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McBrayer Blogs

Showing 40 posts tagged employment law for employers.

Fourth Circuit Rules That Gender Dysphoria Is Not Excluded by ADA

Earlier this week, the U.S. Court of Appeals for the Fourth Circuit ruled that gender dysphoria is not to be excluded from the broad definition of “disability” laid out in the Americans with Disabilities Act (ADA). This decision may signal a new direction for discrimination law, and employers should be aware of its impacts. More >

Does Your COVID Testing Program Pass the Test? – EEOC Updates COVID Guidance for Employers

After nearly two and a half years of constantly evolving standards for handling COVID in the workplace, it is no surprise that the EEOC has updated its guidance once again. The most significant change in guidance applies to testing employees for COVID, and employers should be aware of this shift in order to maintain compliance. More >

Beat the Heat with a Workplace Safety Plan

This summer is proving to be another hot one in many parts of the country, which means the odds of workplace illnesses and injuries relating to excessive temperatures are much higher. In April, the Occupational Safety and Health Administration (OSHA) announced a National Emphasis Program focused on addressing workplace heat hazards, which will entail OSHA conducting inspections to identify heat-related hazards in workplaces both indoors and outdoors. Employers should have a plan to avoid liability for heat-related illnesses and to be prepared should such an inspection occur. More >

An Employer's Guide to Intermittent FMLA Leave

Through the Family and Medical Leave Act (FMLA), certain employees are entitled to 12 work weeks of unpaid leave under specific medical or family circumstances, such as parental leave or a serious health condition. In some cases, employees eligible under FMLA take their 12 weeks of leave all at once. However, FMLA does not require leave to be used in a single block. Employees with qualifying circumstances may take their allotted leave in smaller increments that amount to as much as 12 work weeks over a 12-month period—but this “intermittent leave” can cause numerous headaches for employers. It’s important for employers to understand how intermittent leave works and how to best handle its effects in the workplace. More >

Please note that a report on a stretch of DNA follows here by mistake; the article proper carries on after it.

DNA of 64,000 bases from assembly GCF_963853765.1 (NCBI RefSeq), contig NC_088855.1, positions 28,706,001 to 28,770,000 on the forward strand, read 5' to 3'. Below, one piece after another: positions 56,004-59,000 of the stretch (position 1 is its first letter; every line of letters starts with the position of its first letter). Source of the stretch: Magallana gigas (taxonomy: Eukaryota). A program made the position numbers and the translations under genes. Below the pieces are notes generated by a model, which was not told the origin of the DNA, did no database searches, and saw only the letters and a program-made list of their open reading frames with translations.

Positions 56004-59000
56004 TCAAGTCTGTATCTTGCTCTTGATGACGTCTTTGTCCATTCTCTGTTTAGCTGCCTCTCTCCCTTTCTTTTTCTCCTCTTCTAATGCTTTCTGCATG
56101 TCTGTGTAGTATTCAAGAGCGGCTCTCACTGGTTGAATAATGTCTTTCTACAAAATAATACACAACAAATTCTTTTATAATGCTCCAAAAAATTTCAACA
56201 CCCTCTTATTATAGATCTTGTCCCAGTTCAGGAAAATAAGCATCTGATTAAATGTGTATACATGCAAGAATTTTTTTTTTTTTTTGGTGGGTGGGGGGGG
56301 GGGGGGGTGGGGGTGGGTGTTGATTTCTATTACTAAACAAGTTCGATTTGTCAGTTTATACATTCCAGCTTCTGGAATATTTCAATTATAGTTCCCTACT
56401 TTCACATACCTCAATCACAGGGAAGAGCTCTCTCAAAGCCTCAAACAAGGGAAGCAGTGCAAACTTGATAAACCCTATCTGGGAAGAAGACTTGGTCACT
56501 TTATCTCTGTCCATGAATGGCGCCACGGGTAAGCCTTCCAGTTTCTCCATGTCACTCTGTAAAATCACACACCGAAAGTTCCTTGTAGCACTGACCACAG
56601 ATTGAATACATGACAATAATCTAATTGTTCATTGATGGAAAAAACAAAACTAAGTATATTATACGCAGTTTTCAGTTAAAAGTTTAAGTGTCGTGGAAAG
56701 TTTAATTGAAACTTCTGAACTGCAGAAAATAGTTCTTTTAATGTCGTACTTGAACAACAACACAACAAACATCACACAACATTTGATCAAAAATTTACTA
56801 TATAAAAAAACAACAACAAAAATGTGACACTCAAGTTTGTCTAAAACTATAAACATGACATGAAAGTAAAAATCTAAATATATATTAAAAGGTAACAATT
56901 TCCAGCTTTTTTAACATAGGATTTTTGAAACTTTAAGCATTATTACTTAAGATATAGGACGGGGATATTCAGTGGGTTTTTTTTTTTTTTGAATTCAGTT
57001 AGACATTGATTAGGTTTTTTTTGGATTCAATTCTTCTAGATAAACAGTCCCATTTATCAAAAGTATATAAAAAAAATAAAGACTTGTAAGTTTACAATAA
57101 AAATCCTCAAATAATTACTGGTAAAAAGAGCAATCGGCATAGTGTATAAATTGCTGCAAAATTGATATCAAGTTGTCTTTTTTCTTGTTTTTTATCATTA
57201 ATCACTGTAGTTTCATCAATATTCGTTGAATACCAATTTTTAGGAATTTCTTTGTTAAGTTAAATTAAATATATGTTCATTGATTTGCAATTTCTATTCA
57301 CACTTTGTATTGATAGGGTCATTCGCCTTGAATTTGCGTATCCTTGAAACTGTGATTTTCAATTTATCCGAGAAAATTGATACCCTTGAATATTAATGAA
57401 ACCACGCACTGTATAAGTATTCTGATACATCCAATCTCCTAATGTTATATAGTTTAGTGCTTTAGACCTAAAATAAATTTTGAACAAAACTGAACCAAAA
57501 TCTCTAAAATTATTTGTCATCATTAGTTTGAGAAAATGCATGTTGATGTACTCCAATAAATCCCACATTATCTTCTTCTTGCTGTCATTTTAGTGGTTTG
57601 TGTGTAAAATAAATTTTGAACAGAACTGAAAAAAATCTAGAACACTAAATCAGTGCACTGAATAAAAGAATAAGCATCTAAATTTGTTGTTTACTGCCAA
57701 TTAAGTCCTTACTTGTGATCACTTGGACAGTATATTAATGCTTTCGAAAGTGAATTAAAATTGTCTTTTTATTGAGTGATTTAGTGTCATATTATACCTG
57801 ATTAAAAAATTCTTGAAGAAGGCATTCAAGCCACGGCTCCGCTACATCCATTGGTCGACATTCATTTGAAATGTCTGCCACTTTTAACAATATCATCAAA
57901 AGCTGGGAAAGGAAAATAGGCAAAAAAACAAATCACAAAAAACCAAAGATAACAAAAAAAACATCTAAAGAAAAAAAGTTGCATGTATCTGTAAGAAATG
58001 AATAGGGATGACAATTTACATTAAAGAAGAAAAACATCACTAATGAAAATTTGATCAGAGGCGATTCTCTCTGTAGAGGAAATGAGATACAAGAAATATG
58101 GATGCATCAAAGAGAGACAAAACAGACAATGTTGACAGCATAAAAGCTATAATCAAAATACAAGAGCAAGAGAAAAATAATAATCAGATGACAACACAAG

School's Out, Work's In--Considerations for Seasonal Employment

As summer approaches, many businesses will be thinking about hiring seasonal employees. Whether those are high schoolers looking for pocket change, college students in need of internship credits, or just more sets of hands to assist with the busy months, specific considerations need to be made for your seasonal workers to assure legal compliance. More >

NLRB GC Seeks to End Captive Audience Meetings

In yet another bid to weaken employers’ stance in the face of organized labor, NLRB General Counsel Jennifer Abruzzo has issued a memo calling for an end to employer-led “captive audience” meetings. This move by the NLRB threatens one of employers’ key tools for curbing unionization in the workplace and is yet another foreboding sign of the Biden administration’s pro-labor agenda. More >

EEOC Updates Caregiver Guidance for Employers

Though we are now two years into the pandemic, the Equal Employment Opportunity Commission (EEOC) is still not finished issuing COVID-related guidance for employers. The Commission’s latest statement involves issues of bias regarding employees with caregiver responsibilities, especially such responsibilities relating to or resulting from the pandemic. Employers should be aware of how caregiver bias may manifest itself and how to avoid illegal discrimination per new EEOC guidance. More >

Boeing, Boeing, Gone! NLRB GC Recommends Reversal of Employer Handbook Standards

With any new administration in Washington comes changes to the National Labor Relations Board. From the start, Biden’s NLRB has made clear their goal to reverse the employer-friendly handbook standards established by the Boeing decision, and the General Counsel’s March 7th post-hearing brief includes recommendations that take further steps towards that goal. More >

Employer Update: What You Need to Know about OSHA ETS Compliance and Vaccine Mandates

Since President Biden’s vaccine plan was first announced in September, employers have had lots of questions, and very few answers, about the Emergency Temporary Standard (ETS) that would require employers with 100 or more employees to implement “vaccine or test” policies aimed at controlling the spread of COVID-19. Since its official release, the ETS, issued by the Occupational Safety and Health Administration (OSHA), has been paused and un-paused and been kicked from one court to the next, finally landing in the United States Supreme Court. As employers wait for the Supreme Court to rule, the January 10 deadline for ETS enforcement has passed. What does all this mean for Kentucky employers—and what action should they be taking? More >

Sixth Circuit Court Lifts Stay on OSHA Vaccine Mandate for Employers

After the Fifth Circuit Court of Appeals blocked the rule last month, the stay on the Emergency Temporary Standard (ETS), which requires all employers with 100 or more employees to implement policies requiring employees to either be vaccinated against the coronavirus or submit to weekly testing, has been lifted and the rule will go into effect. More >

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